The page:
Once the first coat has been applied and it has dried, it then has to be keyed (rubbed down lightly) and a second coat is then applied (without dilution).
Dust and varnish don’t mix, which is a shame because all the sanding before applying the varnish will inevitably create a lot of dust. Give it time to settle and get rid of as much as possible; if you apply your varnish in a dusty environment it will stick in the drying varnish potentially ruining the finish. If this happens you will have to sand it down gently with a fine grit paper and then apply another coat.
Unlike paint, varnishes and stains are designed to soak into the wood. You can even apply a clear varnish to the stain to improve the finish and also make it more durable. These are also available in solvent and water based variations and also in a variety of colours and shades.
Varnish can be applied with a brush, which is more typical, or a roller. If you are planning to use a roller use one with a short pile. See here for help on choosing a roller. Apply with the grain to get a smooth and even finish.
Different Types of Varnish Explained
There is a huge range of different varnishes out there and different manufactures will call them slightly different things to make it even more confusing.
Here are the most common types of varnish we think that you’ll find and when you might use them:
- Acrylic Varnish – These are quick drying and non-toxic water based varnishes which generally have good UV resistance meaning that they can be used outside as well as inside. They can be used on other materials other than wood, so are more versatile than many varnishes. They are clear, highly transparent and do not tend to yellow, but they do not tend to penetrate into the wood as well as oil based varnishes. Being water based you can clean up with water, which makes then very user friendly, but they sometimes do not spread as uniformly as other varnishes. They are generally available in gloss, satin and matt finishes
- Exterior Varnish – As the name indicates these are varnishes which have been specially formulated for use outside. They have added UV protection so that the wood beneath the layer of varnish is protected. They are often microporous which allows the wood to ‘breathe’ and have an added fungicide to prevent mould growth. They are likely to be very similar in formulation and performance to a yacht varnish, being relatively flexible, but slow to cure, even if they are touch dry relatively quickly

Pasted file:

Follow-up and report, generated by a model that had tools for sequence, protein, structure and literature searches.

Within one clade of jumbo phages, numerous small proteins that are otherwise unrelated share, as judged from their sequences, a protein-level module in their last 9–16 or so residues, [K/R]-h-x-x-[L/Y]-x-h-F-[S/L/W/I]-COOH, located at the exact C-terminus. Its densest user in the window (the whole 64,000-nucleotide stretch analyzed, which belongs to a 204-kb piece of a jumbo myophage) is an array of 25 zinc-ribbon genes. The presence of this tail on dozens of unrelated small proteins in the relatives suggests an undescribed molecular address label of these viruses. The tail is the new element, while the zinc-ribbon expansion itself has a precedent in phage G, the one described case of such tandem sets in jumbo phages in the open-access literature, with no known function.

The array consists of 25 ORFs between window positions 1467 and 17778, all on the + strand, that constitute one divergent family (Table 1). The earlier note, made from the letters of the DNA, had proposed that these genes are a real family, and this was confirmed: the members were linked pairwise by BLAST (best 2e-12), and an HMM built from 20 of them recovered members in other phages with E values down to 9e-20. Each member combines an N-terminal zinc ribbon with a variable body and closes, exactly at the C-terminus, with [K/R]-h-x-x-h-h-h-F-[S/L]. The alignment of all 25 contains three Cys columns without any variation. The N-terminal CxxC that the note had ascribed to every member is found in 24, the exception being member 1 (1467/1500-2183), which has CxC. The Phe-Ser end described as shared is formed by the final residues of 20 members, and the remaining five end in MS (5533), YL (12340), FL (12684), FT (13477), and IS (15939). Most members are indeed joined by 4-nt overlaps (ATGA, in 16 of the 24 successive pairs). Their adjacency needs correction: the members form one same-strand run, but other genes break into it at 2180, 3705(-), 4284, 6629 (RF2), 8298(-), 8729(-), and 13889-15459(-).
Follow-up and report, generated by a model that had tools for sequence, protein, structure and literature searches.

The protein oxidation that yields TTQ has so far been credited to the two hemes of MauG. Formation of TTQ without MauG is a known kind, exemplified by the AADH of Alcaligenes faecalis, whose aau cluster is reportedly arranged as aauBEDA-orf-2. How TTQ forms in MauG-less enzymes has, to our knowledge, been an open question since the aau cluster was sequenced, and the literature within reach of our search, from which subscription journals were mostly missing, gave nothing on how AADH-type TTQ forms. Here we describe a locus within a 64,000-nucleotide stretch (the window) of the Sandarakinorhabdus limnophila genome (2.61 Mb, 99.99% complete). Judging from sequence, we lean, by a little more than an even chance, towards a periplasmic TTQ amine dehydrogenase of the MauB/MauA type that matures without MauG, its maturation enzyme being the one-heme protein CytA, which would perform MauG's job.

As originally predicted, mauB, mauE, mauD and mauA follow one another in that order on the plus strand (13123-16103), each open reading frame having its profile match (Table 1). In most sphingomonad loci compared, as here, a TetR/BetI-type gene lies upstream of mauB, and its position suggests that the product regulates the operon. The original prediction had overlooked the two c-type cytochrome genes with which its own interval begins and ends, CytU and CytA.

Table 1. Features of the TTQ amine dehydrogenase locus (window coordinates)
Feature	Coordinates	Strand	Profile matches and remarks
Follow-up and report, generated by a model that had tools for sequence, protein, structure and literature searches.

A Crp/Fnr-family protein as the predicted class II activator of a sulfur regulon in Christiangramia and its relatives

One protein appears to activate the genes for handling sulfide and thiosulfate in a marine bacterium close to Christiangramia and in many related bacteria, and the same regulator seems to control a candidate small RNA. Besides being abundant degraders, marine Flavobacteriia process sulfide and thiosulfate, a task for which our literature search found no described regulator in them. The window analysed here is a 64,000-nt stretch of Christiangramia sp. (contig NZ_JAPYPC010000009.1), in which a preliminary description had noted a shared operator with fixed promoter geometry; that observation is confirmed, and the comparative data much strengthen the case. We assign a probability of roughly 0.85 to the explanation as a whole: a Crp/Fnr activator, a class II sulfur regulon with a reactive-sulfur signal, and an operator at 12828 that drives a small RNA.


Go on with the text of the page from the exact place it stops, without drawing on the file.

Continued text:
- Polyurethane Varnish – These varnishes give a really hard surface and are often used for floors and areas which are going to get a lot of wear and tear. They are also heat resistant too and will give a clear, tough finish, which is available in gloss, satin and matt finishes. Polyurethane varnishes do not tend to penetrate into the wood so are often primed with a oil based varnish or a thin shellac solution. Do not try and put an oil based varnish on top of a Polyurethane varnish as it will not bond. In addition to the excellent hardness and durability, they are resistant to spills of mild acids, solvents and other chemicals. The do not yellow much but they are not resistant to UV (sun) light, so if used outside try to find one with added UV protection or it will deteriorate quickly
- Yacht Varnish – Also called marine (or spar) varnish, this is a varnish that was originally designed for use on boats where the primary purpose was to ensure that water did not penetrate to the wood. To achieve this the varnish had to be highly flexible; a rigid, inflexible varnish might crack as the wood bent and flexed under the strain of the sea and these cracks could allow water to penetrate. Originally these did not have much gloss, as appearance was a secondary feature, and little UV protection, but now most yacht varnishes have a high gloss finish based on tung oil and phenolic resins. They are ideal for use on outside timber, but not for surfaces that are going to be walked on
- Alkyd Varnishes – This is a terms that you will sometimes hear, and most varnishes will contain an alkyd of some kind. They are modified natural or vegetable oils.
- Shellac – This is not strictly a varnish, and is the main ingredient for French Polish for furniture. It is secreted by a beetle in South East Asia and usually bought in flakes which are diluted with alcohol before use. The ‘de-waxed’ version of shellac, which has under gone a process to have most of the waxy substances removed, can be used as a primer for other varnishes, such as Polyurethane and Acrylic which do not penetrate well into the wood. Shellac can be clear, or there are a range of shades; see here for a range of Shellac and other polishes
- Lacquer – Again this is not really a varnish and is often used to describe the process of applying a finish by spraying. It is a quick-drying, solvent based (rather than alcohol as in the case of Shellac) finish applied by spraying. Acetone is the usual solvent base, or “Lacquer Thinner”. Once applied, lacquer can be removed using lacquer thinner. It does not cure or polymerize like a true varnish will
- Drying Oils – Again not varnishes, but simply the oils ingredient of the varnish without the resin and solvent. Because it is only the oils they take a long time to dry – often weeks for raw oils. This can be speeded up by boiling or treating to part polymerise the oil, or adding additives. The most commonly used are Tung oil and Linseed oil
Much like paint, varnishes have finishes that vary from “Gloss” through “Satin” to “Matt”. This describes the sheen of the finish and how reflective it will be. Gloss is the shiniest and smoothest, while Matt describes a dull and un-shiny finish.